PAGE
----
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practice. You can add, delete and edit nodes to get the shape you want using the Edit Paths tool. If you need more nodes you can add more by either selecting the entire shape and click on Insert Node in the Tool Control Bar to add a new node splitting each segment, or by selecting a segment by clicking on it, or shift-clicking on the two nodes bordering it, and clicking Insert Node. Clicking and dragging a segment will affect its curve, allowing you to shape the object. In the Tool Control Bar there are other controls that you can modify to change the shape. You can make the node a corner or smooth point, make the segment straight or curved, etc.

together so they don’t move in relation to each other. After grouping you can use the Select tool to move, scale, rotate or skew the shape as needed. For example, if the shape is too small, select the shape and click on one of the doublearrows in the corner. Drag this handle while holding Ctrl to scale the object evenly. Click in the center to change the handles from scale to rotate. Use the handles to rotate the object. If you want a two-tiered hill, follow the same steps but make the second tier smaller and slightly lighter in colour. Group the two hills to keep them together.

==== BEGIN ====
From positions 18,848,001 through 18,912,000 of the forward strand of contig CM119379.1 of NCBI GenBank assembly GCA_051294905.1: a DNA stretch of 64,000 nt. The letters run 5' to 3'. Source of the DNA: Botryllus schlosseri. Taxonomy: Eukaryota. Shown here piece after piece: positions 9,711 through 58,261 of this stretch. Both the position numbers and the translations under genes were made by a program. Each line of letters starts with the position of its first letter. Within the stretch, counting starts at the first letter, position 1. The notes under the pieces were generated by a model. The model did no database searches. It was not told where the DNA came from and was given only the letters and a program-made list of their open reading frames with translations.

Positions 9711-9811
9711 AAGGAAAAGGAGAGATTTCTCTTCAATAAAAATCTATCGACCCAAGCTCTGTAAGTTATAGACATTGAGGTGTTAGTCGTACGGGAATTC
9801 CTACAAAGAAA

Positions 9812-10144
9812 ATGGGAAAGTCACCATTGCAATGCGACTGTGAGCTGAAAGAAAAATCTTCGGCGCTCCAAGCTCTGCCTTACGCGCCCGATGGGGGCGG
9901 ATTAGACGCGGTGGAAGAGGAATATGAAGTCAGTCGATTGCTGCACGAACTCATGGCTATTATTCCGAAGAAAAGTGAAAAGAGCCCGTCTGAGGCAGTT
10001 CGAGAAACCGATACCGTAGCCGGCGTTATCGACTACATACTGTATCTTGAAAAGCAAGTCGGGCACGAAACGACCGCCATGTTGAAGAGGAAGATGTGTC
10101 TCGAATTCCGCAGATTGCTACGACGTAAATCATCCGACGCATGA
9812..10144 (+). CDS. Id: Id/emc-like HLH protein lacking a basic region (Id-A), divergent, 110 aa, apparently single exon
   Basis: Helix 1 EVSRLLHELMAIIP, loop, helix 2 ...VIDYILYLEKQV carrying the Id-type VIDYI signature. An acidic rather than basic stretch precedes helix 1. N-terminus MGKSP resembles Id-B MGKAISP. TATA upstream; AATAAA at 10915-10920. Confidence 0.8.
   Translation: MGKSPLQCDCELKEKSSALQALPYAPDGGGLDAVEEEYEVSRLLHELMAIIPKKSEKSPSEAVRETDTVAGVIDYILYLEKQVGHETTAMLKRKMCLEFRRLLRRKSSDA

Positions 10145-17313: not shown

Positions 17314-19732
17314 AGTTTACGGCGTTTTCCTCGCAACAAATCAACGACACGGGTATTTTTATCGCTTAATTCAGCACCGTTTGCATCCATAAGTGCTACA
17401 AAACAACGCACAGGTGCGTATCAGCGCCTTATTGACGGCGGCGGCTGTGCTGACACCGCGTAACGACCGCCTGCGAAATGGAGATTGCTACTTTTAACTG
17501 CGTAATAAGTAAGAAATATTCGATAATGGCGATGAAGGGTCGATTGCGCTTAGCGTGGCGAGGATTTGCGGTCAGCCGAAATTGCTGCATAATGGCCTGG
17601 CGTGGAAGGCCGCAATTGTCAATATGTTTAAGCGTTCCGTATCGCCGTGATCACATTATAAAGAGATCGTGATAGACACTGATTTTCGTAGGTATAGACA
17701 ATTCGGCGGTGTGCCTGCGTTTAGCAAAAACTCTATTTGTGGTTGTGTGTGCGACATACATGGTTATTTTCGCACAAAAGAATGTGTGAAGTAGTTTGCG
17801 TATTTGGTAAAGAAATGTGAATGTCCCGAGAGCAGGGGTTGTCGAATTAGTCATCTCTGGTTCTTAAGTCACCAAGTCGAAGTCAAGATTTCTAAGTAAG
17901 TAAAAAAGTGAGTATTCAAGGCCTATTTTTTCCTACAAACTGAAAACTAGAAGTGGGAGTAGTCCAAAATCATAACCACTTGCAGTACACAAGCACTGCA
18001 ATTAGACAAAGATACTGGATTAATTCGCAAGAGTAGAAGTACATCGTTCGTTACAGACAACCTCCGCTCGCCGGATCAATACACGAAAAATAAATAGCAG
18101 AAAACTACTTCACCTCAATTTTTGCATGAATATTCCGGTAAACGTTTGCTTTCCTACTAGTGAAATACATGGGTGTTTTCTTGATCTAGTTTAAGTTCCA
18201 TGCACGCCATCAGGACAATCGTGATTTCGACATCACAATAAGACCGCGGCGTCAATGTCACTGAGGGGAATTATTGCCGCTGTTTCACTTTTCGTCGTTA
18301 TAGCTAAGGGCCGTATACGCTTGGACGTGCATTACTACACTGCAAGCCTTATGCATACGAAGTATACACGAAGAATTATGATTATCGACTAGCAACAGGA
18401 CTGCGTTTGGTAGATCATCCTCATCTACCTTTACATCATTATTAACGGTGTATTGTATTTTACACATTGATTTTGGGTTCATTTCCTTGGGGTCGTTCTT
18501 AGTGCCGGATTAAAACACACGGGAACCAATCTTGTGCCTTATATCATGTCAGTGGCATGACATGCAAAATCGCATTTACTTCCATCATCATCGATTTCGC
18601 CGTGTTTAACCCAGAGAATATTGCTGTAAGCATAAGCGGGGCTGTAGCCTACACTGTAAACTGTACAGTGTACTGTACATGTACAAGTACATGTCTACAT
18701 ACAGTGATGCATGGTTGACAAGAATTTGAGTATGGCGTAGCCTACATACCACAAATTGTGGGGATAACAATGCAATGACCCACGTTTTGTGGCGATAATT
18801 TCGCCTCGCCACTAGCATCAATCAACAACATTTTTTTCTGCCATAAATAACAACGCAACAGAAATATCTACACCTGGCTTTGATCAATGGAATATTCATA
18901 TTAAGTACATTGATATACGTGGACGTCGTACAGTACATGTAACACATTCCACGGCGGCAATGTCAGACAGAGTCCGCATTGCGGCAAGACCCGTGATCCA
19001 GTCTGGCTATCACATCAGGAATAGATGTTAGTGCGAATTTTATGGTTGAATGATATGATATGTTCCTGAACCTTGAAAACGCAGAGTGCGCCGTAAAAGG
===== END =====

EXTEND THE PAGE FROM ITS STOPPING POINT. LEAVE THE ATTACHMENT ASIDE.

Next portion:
Making a forest

From left to right: the basic shape drawn with straight lines, the same shape with the lines curved, and finally, the shape with extra nodes removed.